On Tuesday we were delayed in Newark so I took myself to the bookstore. Given the fact that my bag was already full and heavy, I decided in advance that I would buy a light, inexpensive book that I would read quickly and abandon as soon as possible. I picked up Auel’s The Land of Painted Caves. I read most of that series years ago and, although the plot of all the books has been subpar, the prehistorical information is interesting (even given the implausibility of one amazing woman who accomplish what in reality probably acquired thousands and tens of thousands of years).
One of the things that struck me in the 100 pages I’ve read is the way that Auel imagines the perception that the prehistoric human people she focuses on hold of the Neanderthals they shared the European continent with. The humans do not recognize the Neanderthals as humans and instead classify them as animals that are qualitatively different from them despite occasional inter-breeding. In Auel’s fiction, humans see humanity as a positive and distinguishing factor. That Auel wrote human exceptionalism into the pre-history of our species got me thinking about many of the ways in which we can make moral/status distinctions. Here are some of my wandering, malformed, jet-laggy thoughts on exceptionalism:
- Human exceptionalism: The idea that there is something different/special/important about humans is an interesting one. I remember when I was pregnant and strangers would stop me to talk about pregnancy as “a gift from god” and to me that seemed so strange because I experienced pregnancy as a powerful connection to my fellow MAMMALS (mother squirrels and elephants also gave birth and nursed live babies) and felt profoundly that I was doing something that embedded me in the history of life of the planet. To the extent I was raised to think of “god” as a (hu)man-like power that favored humans, evoking the big g in relation to my procreative efforts seemed wrong and exclusive. There was something sacred going on, to be sure, but the limits of sacred life do not end with human babies or even humans.
- American exceptionalism: I interpret American exceptionalism as dysfunction – a counter-productive combination of bravado, ignorance, political instrumentalism and fear. That is not to say that there is nothing special and unique to the United States but it is to suggest that those particularities should not be mistaken for superiority and higher status among nations and our own particular system the apex of systems of governance. Ironically, there isn’t even anything that is exceptional about American exceptionalism (there is Chinese exceptionalism, too) despite the fact that nations/cultures are always in transition. The U.S. hasn’t always been, it hasn’t always been the way it is now, and it will not always be.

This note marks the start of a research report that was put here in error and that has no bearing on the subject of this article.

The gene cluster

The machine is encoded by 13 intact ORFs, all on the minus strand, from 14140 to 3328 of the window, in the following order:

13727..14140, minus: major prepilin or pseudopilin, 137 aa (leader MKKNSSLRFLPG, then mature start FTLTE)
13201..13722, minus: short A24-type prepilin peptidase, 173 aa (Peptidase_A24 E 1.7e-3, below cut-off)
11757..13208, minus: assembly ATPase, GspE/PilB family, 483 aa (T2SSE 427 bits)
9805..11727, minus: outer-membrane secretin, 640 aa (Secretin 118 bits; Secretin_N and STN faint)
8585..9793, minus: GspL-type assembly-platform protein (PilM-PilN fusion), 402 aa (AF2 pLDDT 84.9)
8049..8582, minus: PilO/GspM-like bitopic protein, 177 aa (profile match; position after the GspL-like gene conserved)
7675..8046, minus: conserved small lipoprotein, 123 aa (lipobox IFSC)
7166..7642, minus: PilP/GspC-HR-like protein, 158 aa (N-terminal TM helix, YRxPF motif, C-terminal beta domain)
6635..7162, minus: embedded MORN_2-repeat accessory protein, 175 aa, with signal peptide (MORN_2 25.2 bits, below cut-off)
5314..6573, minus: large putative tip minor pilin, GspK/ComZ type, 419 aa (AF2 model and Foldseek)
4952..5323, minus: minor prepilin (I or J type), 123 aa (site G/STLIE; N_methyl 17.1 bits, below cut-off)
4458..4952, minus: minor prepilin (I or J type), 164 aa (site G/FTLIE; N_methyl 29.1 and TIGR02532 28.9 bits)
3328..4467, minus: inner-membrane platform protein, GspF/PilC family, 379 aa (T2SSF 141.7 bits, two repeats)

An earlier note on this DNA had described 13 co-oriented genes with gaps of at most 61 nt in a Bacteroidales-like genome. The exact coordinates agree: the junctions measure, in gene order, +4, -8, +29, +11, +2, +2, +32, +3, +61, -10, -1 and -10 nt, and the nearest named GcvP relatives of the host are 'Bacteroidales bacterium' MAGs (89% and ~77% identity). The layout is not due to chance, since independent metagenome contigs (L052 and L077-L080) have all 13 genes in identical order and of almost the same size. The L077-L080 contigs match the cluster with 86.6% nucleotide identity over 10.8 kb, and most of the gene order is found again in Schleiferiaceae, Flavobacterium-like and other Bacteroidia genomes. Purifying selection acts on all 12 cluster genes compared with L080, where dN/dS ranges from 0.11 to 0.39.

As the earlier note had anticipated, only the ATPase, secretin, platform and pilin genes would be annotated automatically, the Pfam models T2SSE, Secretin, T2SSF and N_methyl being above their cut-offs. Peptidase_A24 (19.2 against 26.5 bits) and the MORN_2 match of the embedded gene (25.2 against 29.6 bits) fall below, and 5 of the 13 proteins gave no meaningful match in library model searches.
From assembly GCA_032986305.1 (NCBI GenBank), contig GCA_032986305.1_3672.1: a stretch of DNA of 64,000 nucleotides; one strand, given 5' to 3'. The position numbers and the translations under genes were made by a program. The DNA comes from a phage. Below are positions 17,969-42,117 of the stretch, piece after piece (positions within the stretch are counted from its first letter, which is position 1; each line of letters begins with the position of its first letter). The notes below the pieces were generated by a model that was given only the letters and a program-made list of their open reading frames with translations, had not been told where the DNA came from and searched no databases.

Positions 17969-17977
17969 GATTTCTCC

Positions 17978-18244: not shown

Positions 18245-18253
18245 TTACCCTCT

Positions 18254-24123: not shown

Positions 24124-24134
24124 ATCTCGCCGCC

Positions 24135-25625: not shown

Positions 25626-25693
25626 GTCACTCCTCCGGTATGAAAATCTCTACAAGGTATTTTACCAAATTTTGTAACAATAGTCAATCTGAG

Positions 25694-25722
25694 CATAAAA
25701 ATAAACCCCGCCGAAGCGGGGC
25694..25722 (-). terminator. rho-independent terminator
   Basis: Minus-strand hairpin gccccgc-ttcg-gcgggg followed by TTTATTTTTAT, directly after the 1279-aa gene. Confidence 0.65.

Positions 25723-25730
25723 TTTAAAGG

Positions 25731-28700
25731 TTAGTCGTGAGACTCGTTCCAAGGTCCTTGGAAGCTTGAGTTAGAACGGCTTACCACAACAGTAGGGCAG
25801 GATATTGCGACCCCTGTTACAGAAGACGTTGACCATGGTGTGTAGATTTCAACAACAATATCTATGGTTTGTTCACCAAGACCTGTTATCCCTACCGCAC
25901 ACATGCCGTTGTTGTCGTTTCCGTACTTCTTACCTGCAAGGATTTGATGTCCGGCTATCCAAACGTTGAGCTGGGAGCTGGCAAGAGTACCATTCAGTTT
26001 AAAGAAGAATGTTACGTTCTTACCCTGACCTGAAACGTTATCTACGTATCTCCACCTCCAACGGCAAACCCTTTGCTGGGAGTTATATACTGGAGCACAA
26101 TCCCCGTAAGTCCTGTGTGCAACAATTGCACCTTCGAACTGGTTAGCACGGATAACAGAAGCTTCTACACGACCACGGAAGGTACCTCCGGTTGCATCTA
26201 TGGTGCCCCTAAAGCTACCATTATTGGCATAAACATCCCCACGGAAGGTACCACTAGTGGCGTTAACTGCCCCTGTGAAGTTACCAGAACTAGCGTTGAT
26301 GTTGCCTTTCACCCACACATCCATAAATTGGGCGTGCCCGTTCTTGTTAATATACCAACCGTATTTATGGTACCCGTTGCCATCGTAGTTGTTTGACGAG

- Local exceptionalism: At this point I have lived in different regions/cities/countries/localities. I frequently say that I could build my own utopia by picking and choosing characteristics of the places where I’ve lived. Sometime when I am in a place (like Montpelier) I love it so much and it seems to fit so well that I cannot imagine living anywhere else and catch myself disdaining folks who are blind to the superiority of the life I feel I am living. But then I find myself someplace else and, frequently, learn I am quite content in a completely different life lived in an entirely different fashion. Don’t get me wrong. Not all places are the same and I have lived in a couple of places that did not suit me for various reasons (one of the major reasons, incidentally, being that the collective assumption was that life in that place was just like life anywhere) but there is no inherent, objective “best” place to be.
- Individual exceptionalism: When Jie-jie was about 8 months old I started taking her to the symphony. I remember that first day as she sat in my lap, attentively watching the orchestra and swaying to the music. I was enthralled and noticed with some amazement and irritation that the people sitting around me were listening to the music instead of noticing how absolutely brilliant and beautiful my baby was. A person like that was going to change the world and they didn’t even notice. Even I as thought this, I was somewhat amused (but not surprised) by my propensity to see my child as the most important child that had ever existed– in possession of unique talents that would lead her to make important, original and necessary changes to the world. While I simultaneously love the feelings of efficacy that come from believing in your own talent and uniqueness, I sometimes think that we would be happier if we were able to dispense with the idea that talent must necessarily be important. One of the things I find compelling about China and Hong Kong is the anonymity and lack of overblown self-efficacy that follows from the physical and historical scale of things here. People are unique and expected to make contributions to their families but the notion that any individual’s inherent importance and impact will change the world does not thrive in an environment characterized by 7000+ years of cultural history and the sea of people you wade through every time you step outside.